Tomorrow, May 24, 2012, the Pacific Science Center welcomes visitors to view Tutankhamun: The Golden King and The Great Pharaohs’. Today, I had the privilege of seeing this phenomenon as a member of the press. I love my job. Go if you can. It won’t be shown again anywhere else after January 6, 2013 and the Science Center expects to sell out.
Seattle hosted a similar exhibit in 1978, but the current one contains twice as many artifacts. People who attended in 1978 recall waiting in long lines. This year that problem has been solved – you buy tickets for a certain day and timed entry. So far 90,000 of those tickets have been sold.
King Tut became a king at 9 years of age and forensic analysis says he died at age 19, probably from an infection in a fractured leg. Even at this young age, he had everything he could possibly need in his tomb.
More than 100 remarkable objects discovered in King Tut’s tomb are on display. I found the complexity and intricacy of the jewelry fascinating. Small beads and miniature cornflowers make up a necklace called the Gold Collar. A Necklace and Pectoral of Mereret looked unlike anything I’ve ever seen, but could almost be described as a pendant that was also a very intricately-crafted picture. Twenty-five amulets were found around the neck of the mummy.
Much of what was found in King Tut’s tomb was created specifically for the afterlife. A gold Pair of Sandals adorned his feet while finger protectors were worn over his rings and toe protectors covered his toes – all to protect him in the afterlife. You’ll find a model of a boat in the exhibit because the Nile River was the main source of transportation in Ancient Egypt. Thirty-five ship models accompanied the boy King in the tomb so he could boat wherever he needed to go after death.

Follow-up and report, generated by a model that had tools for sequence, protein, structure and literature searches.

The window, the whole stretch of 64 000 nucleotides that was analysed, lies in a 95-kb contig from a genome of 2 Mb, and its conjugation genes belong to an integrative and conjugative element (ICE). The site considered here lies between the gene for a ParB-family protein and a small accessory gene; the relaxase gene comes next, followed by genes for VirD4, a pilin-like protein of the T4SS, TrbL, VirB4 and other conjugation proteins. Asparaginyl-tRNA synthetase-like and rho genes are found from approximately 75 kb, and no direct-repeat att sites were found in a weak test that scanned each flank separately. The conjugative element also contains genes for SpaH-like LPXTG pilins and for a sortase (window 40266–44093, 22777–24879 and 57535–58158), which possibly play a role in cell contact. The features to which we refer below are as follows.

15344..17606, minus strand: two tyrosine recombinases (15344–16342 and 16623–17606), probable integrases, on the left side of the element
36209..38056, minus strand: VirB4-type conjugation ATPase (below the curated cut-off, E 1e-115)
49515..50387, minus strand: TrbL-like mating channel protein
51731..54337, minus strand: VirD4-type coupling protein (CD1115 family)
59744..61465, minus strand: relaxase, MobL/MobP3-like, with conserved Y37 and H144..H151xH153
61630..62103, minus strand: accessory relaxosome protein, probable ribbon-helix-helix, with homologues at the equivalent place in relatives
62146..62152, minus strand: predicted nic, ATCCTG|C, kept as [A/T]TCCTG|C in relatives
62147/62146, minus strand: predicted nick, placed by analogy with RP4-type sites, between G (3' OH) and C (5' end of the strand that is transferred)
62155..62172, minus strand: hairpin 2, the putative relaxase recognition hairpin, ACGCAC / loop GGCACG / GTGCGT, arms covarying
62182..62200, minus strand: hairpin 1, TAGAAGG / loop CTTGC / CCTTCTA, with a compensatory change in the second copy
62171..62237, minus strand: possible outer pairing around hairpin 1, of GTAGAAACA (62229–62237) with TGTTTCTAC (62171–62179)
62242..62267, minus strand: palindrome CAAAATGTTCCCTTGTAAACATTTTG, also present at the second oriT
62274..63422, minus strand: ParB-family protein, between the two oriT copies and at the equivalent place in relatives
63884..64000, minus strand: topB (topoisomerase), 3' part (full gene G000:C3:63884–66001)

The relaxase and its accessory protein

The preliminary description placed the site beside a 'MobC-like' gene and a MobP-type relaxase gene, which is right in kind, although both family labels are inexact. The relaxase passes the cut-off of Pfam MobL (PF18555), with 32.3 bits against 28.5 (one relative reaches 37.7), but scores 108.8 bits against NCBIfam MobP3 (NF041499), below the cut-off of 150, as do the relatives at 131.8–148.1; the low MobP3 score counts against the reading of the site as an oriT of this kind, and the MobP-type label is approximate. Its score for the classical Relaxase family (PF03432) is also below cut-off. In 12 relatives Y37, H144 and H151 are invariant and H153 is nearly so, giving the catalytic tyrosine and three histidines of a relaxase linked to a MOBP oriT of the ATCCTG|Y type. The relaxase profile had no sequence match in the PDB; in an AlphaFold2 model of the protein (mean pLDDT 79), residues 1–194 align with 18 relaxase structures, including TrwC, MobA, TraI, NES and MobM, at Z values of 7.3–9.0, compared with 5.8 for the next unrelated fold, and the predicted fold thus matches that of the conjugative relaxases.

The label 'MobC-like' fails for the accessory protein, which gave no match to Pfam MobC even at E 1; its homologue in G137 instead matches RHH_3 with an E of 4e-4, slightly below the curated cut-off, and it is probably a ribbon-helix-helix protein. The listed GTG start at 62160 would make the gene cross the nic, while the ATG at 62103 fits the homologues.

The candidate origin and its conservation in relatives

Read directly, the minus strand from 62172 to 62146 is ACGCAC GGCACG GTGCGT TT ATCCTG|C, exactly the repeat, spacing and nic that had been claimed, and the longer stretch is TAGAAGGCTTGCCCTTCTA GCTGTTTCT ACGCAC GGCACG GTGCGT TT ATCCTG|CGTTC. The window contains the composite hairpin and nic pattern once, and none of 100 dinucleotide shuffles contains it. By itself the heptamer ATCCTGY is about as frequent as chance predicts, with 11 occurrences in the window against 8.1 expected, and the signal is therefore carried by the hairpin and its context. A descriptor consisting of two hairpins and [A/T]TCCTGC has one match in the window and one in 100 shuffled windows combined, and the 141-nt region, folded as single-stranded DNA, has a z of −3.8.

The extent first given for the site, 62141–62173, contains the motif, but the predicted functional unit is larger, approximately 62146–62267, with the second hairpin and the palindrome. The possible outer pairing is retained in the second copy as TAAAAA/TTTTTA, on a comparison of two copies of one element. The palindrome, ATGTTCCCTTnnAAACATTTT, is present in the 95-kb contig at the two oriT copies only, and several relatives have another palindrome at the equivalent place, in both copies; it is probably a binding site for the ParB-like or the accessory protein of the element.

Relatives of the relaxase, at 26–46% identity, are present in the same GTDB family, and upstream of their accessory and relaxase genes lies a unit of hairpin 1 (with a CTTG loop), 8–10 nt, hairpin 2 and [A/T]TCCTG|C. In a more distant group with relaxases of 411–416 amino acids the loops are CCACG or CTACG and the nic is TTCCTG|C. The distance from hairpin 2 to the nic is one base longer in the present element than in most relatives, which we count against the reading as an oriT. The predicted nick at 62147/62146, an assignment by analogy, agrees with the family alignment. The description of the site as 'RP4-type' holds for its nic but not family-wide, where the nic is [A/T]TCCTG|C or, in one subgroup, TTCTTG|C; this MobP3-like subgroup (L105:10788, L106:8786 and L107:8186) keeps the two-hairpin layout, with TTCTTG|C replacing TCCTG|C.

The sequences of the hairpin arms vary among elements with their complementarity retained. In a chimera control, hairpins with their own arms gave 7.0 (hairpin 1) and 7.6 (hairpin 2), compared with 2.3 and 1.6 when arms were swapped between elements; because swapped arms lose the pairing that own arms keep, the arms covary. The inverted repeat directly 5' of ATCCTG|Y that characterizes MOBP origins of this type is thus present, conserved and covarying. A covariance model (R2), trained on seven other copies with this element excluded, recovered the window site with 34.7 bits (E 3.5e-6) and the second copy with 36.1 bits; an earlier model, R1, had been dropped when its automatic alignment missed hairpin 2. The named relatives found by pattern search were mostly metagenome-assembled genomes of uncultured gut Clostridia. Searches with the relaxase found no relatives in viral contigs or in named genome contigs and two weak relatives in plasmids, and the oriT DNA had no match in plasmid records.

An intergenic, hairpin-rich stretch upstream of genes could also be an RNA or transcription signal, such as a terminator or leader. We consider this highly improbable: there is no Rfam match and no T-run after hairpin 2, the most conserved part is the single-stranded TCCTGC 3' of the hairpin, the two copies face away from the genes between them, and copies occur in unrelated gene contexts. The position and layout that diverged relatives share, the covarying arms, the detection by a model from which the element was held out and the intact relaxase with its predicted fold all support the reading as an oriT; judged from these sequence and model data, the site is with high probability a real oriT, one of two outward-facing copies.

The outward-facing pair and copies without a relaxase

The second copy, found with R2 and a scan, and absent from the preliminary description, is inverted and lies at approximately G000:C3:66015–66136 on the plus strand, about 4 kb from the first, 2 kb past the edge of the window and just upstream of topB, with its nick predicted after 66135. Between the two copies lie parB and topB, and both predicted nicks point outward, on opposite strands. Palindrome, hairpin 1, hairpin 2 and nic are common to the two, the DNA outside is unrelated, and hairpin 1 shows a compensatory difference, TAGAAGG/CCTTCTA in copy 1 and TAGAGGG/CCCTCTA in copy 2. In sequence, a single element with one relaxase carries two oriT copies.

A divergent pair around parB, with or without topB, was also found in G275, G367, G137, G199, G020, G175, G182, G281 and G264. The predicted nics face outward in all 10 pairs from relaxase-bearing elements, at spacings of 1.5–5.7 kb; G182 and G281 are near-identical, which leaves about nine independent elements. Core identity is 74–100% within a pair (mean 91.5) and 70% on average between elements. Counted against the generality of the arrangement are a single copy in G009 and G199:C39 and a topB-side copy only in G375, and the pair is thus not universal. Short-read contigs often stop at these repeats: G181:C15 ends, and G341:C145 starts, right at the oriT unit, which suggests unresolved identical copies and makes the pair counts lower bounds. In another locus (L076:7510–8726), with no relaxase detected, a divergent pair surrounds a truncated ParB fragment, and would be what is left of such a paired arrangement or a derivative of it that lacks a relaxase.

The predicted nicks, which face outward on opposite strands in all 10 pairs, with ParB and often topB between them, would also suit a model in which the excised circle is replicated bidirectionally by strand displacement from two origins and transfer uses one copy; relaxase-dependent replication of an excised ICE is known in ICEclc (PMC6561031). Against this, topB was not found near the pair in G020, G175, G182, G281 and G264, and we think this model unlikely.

You can tour the exhibit with an audio accompaniment, which I highly recommend. Different music, composed for each of the galleries, transports you back in time and helps you experience 2,000 years of Egyptian history. These ancient treasures remain one of the world’s greatest legacies. The beauty, preservation and stories behind each item evokes all kinds of emotions. Reserve your ticket as soon as you can.
Pacific Science Center members receive a substantial discount. Non-member adults pay $27.50 for Mon.-Thur. or $32.50 for Fri.-Sun. Youth (6-15) are $16.50 for Mon.-Thurs. and $21.50 for Fri.-Sun and children (3-5) pay $15.50 during the week and $20.50 for Fri.-Sun. Admission gets you into the Pacific Science Center for the day and if you can take advantage of that as they know how to entertain there.
I remember going to see the exhibit in the 70s, in San Francisco. LONG lines, and we were only allowed to file past quickly. No lingering. Sounds like they’ve addressed some of those issues, anyway. I’d love to go again!
We went to one of those exhibits when I was a small child and I still remember it. 90,000 tickets sold already!? Wow!
Took my boy to see this exhibit in L.A. when he was little and obsessed with all things Egypt. It’s awesome.